SUNSHINE WEEK: High school journalists dig through public records to get the real dirt





From bland to bam, stories that go beyond the surface

Diana Mitsu Klos, senior project director for the American Society of Newspaper Editors, shares tips for student journalists who want to use open records to practice better journalism.

  • Don’t sell your readers short by doing the same-old “surface” stories. Everyone criticizes cafeteria food. Take it a step further. Look into how cafeteria contracts are awarded. Read through health inspection reports detailing your caf’s cleanliness. See if the food meets FDA nutritional guidelines.
  • File open records requests seeking information about teacher and administrator salaries.
  • Delve into the finer points of how, and who, creates the school budget.
  • See if the condition of your school’s buses is up to par.
  • Because of increased government secrecy, sometimes what should be readily available info is more difficult to access. Know what records you are entitled to before you ask. Don’t back down and know how to file a Freedom of Information Act request.
  • Don’t sidestep research by turning a hot topic into an opinion column. “It’s much better to do the right research and get viewpoints rather than use the pronoun ‘I.’ The better you become, you realize the story is not about you at all.”

Student journalists at Desoto High School could have written a story on how administrators were spending money to solve the gang problem at their school.

The problem was, there was not a gang problem at the suburban Dallas school and the school district was already hurting financially, said Eric Gentry, a former staff member of the DeSoto student paper, the Eagle Eye.

“There wasn’t a lot of money to be thrown around when there wasn’t much money to begin with,” he said.

Intrigued by what seemed to be wasteful government spending, Gentry, along with three other staff members, dug deeper.

After being tipped off in November 2004 in an e-mail about the credibility of the company doing the investigation, Project JAMS (Just Another Means of Success), the reporters looked through public records to learn more about the company.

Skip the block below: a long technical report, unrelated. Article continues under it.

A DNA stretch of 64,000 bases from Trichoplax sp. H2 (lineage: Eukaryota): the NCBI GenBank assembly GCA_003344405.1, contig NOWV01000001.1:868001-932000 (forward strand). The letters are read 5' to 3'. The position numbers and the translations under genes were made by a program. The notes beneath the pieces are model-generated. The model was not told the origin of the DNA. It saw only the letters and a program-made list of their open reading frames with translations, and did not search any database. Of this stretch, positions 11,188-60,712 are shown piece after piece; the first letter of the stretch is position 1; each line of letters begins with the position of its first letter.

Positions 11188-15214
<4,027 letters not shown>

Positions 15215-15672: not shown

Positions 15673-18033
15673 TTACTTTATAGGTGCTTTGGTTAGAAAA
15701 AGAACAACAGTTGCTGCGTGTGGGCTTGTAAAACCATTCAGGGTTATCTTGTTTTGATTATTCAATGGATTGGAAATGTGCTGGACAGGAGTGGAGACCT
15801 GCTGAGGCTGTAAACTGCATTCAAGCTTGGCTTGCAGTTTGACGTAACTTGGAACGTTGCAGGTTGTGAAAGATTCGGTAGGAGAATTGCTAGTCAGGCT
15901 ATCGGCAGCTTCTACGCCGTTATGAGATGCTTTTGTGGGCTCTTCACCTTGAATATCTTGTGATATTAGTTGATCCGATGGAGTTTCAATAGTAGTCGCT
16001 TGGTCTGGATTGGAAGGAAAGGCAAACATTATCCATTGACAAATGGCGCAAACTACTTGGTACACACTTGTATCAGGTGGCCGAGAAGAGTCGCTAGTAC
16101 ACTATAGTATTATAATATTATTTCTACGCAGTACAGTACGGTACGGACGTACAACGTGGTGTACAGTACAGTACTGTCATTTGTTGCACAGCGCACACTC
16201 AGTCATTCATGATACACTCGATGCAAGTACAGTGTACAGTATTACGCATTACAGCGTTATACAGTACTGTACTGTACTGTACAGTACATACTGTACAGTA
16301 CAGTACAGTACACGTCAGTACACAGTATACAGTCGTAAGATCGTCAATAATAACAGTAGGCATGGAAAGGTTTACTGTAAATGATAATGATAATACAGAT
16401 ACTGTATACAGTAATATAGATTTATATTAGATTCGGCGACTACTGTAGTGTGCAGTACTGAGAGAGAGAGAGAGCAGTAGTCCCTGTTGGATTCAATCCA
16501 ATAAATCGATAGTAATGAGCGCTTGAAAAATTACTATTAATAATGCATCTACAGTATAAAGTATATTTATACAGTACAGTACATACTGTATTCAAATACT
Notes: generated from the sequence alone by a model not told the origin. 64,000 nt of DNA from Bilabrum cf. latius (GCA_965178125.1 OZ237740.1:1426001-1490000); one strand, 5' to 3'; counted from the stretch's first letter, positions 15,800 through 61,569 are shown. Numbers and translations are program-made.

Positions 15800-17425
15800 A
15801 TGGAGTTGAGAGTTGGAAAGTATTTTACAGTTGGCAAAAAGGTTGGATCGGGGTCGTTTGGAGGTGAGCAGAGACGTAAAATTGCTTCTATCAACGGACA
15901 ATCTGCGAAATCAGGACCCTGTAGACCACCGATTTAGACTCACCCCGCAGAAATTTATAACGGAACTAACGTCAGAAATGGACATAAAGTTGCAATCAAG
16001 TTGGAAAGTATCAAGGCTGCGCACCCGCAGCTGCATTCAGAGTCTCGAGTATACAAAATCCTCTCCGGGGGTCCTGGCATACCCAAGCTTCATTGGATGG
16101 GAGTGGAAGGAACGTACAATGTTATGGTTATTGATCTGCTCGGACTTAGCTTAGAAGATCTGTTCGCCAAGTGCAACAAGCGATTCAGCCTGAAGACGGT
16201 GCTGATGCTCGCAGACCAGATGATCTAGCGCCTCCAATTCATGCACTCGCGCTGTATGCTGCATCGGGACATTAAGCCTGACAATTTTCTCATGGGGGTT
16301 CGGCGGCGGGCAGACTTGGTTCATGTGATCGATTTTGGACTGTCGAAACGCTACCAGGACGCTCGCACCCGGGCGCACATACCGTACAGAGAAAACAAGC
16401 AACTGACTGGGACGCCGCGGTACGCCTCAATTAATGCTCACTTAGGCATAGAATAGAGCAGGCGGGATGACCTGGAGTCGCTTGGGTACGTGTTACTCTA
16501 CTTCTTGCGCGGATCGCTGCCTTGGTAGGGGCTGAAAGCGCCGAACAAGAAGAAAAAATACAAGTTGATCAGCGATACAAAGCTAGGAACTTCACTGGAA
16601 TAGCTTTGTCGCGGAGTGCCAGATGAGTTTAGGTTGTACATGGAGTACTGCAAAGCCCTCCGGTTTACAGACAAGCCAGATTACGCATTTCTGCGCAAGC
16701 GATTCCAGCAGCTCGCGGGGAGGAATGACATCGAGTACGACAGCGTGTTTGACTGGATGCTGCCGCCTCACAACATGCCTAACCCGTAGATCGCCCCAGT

Gentry went to the administration office and asked to see the application of JAM’s director, Aman Rashidi. From there, the students grew skeptical about Rashidi’s past employment, including a claim he had implemented his program at Columbine High School after the school shooting.

One by one, Rashidi’s “past employers” denied they ever employed him. Administrators from the few schools he did actually work at told Gentry, “Get your money back.”

Gentry said, to his knowledge, no criminal charges were ever brought against Rashidi.

The reporter also requested copies of the check the school wrote Rashidi for $65,000 -- prepayment for the gang study. Project JAMS was requesting $1 million in all.

For the most part, administrators readily gave student reporters the information they sought. But there were a few times when Gentry had to threaten legal action if he was denied records, he said.

“I don’t think they realized we realized what we could get,” Gentry said.

For their investigative efforts, four Eagle Eye reporters and their adviser Carol Richtsmeier, who Gentry said was a huge help guiding the students, were awarded the 2005 Courage in Journalism Award, a scholarship given by the Newseum, the Student Press Law Center and the National Scholastic Press Association.